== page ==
The device used 85.6% of the absorbed energy to generate steam, which is one of the highest efficiencies achieved by evaporators. The approach could help to ease shortages in areas where water has to be sterilized or desalinated, the authors say.

The varroa mite (shown sitting on honeybee hairs in this scanning electron microscope image) is honeybee parasite that can spread viruses.

The varroa mite (shown sitting on honeybee hairs in this scanning electron microscope image) is honeybee parasite that can spread viruses. Credit: Erbe & Pooley/USDA/ARS/EMU

Agriculture

Beekeeping practices boost parasite risk

Suppressing natural honeybee behaviours in crowded apiaries could enhance the spread of mites.

Varroa mites (Varroa destructor) spread viruses, feed on honeybee larvae and could be contributing to widespread losses of bee colonies. Beekeepers try to control the pests using chemicals; but in an 11-month study of 120 commercial colonies, Gloria DeGrandi-Hoffman at the US Department of Agriculture in Tucson, Arizona, and her colleagues revealed that 55% of treated hives were still lost. 

A model that simulated varroa populations and bee interactions showed that natural swarming, which is suppressed in domesticated bees, keeps varroa populations down. That’s because swarming carries mites away from hives and reduces the number of bee larvae produced, shrinking the mites’ food supply. Furthermore, infected forager bees that raid other hives can quickly spread the mites when hives are close together. 

The authors think varroa might be impossible to control unless changes are made to the way bees are kept.

This planet-like object (artist's representation), called SIMP0136, was thought to be a brown dwarf.

This planet-like object (artist's representation), called SIMP0136, was thought to be a brown dwarf. Credit: NASA/JPL, slightly modified by Jonathan Gagné

Astronomy and astrophysics

A celestial case of mistaken identity

From failed star to lonely planet, an interstellar oddity gets a second look.

A nearby celestial object that astronomers thought was a failed star turns out to be a planet-like object that does not orbit a star.

The object, dubbed SIMP0136, is slightly more than 6 parsecs from Earth, in the constellation Carina. It was previously pegged as one of the closest known brown dwarfs, which are bigger than planets but too small to burn hydrogen in their cores as stars do.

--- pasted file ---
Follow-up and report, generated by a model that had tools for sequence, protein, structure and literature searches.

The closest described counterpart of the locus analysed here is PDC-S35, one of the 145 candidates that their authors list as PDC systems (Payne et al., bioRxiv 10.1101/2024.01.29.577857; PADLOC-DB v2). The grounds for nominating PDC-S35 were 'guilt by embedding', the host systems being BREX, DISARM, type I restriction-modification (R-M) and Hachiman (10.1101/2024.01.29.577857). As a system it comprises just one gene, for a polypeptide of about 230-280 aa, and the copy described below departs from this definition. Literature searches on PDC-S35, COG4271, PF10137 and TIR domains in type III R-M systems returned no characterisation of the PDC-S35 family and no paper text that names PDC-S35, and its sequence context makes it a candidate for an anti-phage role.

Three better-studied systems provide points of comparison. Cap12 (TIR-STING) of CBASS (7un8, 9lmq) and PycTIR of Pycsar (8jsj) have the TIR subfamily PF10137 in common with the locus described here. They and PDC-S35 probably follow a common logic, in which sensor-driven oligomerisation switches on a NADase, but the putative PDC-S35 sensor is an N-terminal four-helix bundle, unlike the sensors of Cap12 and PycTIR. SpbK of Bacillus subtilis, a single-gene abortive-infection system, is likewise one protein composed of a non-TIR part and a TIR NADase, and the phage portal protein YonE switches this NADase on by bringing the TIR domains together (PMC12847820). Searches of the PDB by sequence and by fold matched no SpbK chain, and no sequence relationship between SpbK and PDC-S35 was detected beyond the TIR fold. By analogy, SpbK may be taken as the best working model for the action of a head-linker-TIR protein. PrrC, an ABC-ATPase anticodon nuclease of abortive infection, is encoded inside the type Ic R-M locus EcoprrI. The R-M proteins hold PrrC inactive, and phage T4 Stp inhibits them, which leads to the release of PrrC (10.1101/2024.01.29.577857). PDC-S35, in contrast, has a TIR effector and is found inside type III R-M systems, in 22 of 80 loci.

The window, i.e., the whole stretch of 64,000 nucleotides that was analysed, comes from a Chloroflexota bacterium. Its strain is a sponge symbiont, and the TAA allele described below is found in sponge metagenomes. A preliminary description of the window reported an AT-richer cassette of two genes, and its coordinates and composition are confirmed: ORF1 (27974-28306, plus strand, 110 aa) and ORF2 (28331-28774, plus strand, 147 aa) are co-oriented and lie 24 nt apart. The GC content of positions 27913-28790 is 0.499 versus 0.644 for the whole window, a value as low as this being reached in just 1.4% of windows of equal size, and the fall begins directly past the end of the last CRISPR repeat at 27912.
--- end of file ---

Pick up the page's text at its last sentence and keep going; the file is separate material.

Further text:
But SIMP0136’s mass is only about 13 times that of Jupiter — putting it on the boundary between planets and brown dwarfs, according to Jonathan Gagné at the Carnegie Institution of Washington in Washington, DC and his colleagues, who observed the object using the Keck II telescope in Hawaii. 

Only a few free-floating planets have ever been found, so SIMP0136 offers astronomers a rare opportunity to explore an exoplanet atmosphere without interference from the light of a nearby star.

Enterococcus faecalis survives well in hospitals and can easily fend off antibiotics.

Enterococcus faecalis survives well in hospitals and can easily fend off antibiotics. Credit: Eye of Science/Science Photo Library

Microbiology

Why some drug-resistant bacteria thrive in hospitals

Adaptations to terrestrial life could be the key to their success. 

Two members of a group of gut microbes have evolved multi-drug resistance to become leading hospital-adapted pathogens. The bacteria, called enterococci, are thought to have diverged from an aquatic ancestor around 425 million years ago, when the first animals moved onto land. 

To find out why some enterococci have adapted so well to hospital life, Michael Gilmore at the Massachusetts Eye and Ear Infirmary in Boston, Ashlee Earl at the Broad Institute in Cambridge, Massachusetts, and their colleagues sequenced the genomes and studied the characteristics of 24 species of Enterococcus and 5 species from closely related genera. 

The team found that the enterococci share a core set of 1,037 genes. These encode enzymes that, among other things, produce a hardened cell wall that protects the bacteria from drying and from other harsh conditions on land. The adaptations could have enabled the microbes to flourish in hospitals and develop drug resistance, the authors suggest. 

Chemical biology

Small molecule shuttles iron into cells

A natural compound boosts absorption of the nutrient in animals with iron-transport deficiencies.